Wait a second, though. Maybe I'm being a bit pessimistic. After all, Smoltz is moving from the ridiculously stacked American League East to the much less talented National League Central. Plus, Smoltzy flourished and built his legendary career as an Atlanta Brave in the league he is now headed to. After discussing this transaction with Spencer Hendricks, baseball expert and creator of the infinitely influential, we decided we should make a list of ten things that are unquestionably positive about the Smoltz acquistion. After all, we like to think of ourselves as "glass half full" kind of guys. So here are the things we believe John Smoltz represents for the Cardinals:
1.) A lights-out, one-out specialist when the opposing pitcher is batting. "There's real value in a guy who can be counted on to retire the worst hitter in the lineup when the game is really on the line," former teammate and leading advocate for Smoltz's acquisition Mark De Rosa insisted urgently. "Please don't compare my stats with Chris Perez since I was traded for him. That's just embarrassing."

2.) A way for Colby Rasmus's dad to save 15% on lumber from Home Depot. "I remembered seein' John on them commericals with all them lawnmowers a couple years back, and I remembered that my daddy was tryin' to finish his deck back home," recalled rookie standout Colby Rasmus. "Now at first I didn't put two and six together, but after I did I figured John could probably help out daddy by gettin' that wood a little cheaper. I just went up to Tony and asked him real nice if we could get John to be on our team and he said that would be okay and patted me on my head."

3.) A veteran La Russa can pretend makes a difference simply because of his tenure. "Honestly," La Russa finally admitted after years of speculation," I don't really even write a lineup card or fill out a pitching staff based on names or stats or anything. I just look at two things: age and experience. Sometimes I get a little risky and play someone just for the hell of it. The truth is, Albert never would have gotten a chance in the first place if I didn't secretly have a feeling he was 39 all the way back in his rookie season. He just had that look, you know. The look of a liar. Plus, you know how those Dominicans are with their age. It's not their fault they never tell the truth about it. I don't even think they have birthdays in that country." La Russa's tirade went on for a while longer and was said to have involved several subtle references of a homosexual nature to both Skip Schumaker and Rick Ankiel.

4.) A logical mentor for Brad Thompson. "We feel like John's knowledge of the game will be very beneficial to a lot of our pitching staff, especially a guy like Brad Thompson," pitching coach Dave Duncan said shortly after the signing. "See, Smoltz can really give Brad some perspective on how to pitch once you literally have no stuff at all, once your fastball is just straight and boring and slower than Jamie Moyer's. Of course it took John twenty years to get to that point and Bra just sort of started out that way, but you get what I'm saying. They're similar pitchers now," Duncan continued. "They certainly weren't a couple of years ago, though. God, no. Smoltz had that nasty slider and hard fastball with all that movement. Brad has never had any of that. Brad's awful. What am I supposed to do with him? Why does Tony keep him on the roster? If Tony and I hadn't been lovers for so long, I wouldn't put up with this." Duncan then looked awkwardly from side to side and quietly left the room.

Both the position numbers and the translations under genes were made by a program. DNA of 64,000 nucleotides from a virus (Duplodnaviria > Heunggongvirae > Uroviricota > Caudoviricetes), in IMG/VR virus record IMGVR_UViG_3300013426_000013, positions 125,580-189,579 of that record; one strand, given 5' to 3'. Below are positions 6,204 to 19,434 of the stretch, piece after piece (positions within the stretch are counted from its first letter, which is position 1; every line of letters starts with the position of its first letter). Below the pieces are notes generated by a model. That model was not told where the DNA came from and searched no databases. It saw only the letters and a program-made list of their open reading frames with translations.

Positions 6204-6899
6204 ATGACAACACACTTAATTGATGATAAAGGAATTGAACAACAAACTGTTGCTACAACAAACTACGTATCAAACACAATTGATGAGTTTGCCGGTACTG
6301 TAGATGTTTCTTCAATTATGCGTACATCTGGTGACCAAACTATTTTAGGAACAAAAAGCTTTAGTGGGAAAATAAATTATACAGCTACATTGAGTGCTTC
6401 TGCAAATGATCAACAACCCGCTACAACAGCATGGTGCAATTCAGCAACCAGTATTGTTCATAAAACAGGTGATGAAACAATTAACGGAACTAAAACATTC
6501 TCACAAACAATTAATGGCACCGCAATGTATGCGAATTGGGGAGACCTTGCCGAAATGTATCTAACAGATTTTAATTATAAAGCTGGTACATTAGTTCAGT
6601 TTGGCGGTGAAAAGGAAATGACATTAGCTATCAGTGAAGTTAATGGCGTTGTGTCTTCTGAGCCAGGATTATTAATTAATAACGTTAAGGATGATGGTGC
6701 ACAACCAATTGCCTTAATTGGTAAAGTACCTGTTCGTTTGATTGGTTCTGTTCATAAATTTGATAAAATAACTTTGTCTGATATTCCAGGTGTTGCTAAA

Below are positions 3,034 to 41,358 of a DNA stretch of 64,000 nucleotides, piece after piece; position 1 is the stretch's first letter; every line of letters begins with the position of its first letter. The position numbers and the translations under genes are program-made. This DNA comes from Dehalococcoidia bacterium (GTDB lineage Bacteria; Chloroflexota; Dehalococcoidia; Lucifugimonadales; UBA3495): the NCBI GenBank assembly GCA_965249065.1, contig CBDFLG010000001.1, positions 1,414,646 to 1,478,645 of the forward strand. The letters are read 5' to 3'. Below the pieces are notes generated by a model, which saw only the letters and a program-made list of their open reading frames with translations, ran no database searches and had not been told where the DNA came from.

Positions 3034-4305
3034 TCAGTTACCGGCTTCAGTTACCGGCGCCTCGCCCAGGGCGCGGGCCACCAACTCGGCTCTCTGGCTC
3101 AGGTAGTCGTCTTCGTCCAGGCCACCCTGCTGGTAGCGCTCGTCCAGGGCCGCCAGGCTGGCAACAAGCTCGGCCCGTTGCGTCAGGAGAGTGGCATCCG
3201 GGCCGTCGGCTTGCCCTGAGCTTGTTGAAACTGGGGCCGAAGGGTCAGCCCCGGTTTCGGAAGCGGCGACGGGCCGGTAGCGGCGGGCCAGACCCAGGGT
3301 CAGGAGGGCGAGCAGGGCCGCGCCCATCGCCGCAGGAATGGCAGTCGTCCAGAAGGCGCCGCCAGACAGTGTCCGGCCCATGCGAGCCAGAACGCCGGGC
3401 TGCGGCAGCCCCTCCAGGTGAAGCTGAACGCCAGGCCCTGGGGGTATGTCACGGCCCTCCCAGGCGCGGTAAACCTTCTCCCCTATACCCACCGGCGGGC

5.) Another pinch-hitting option for when the Cardinal roster consists of only six position players and 19 pitchers. "Sure, it's very likely the Cardinals realize there's not much left when it comes to Smoltz and his old, sad arm," renowned broadcaster Rick Sutcliffe analyzed. "But that's not to say he can't still lift the lumber. Have you seen that beard? What a lumberjack! There's no reason, no reason at all he couldn't club 20, 25 homers down the stretch for the Devil Birds. If they really wanted to make a splash in their rotation, of course, they'd obviously have signed me."

6.) A way to prolong the career of former Cardinal fan favorite David Eckstein. "We kind of figure that if we're playing the Padres and we have a big lead, which against the Padres most teams do, we could put John in there to face Eckstein. David hasn't had a lot of success since he left us, and I'd really love to see him crank a couple of extra-base hits and hang around the big leagues a little longer," manager Tony La Russa speculated Wednesday. "And John's just the man to give up those hits. I mean, if I looked at stats ever I would know he gave up about a hit and a half per inning with the Red Sox this year."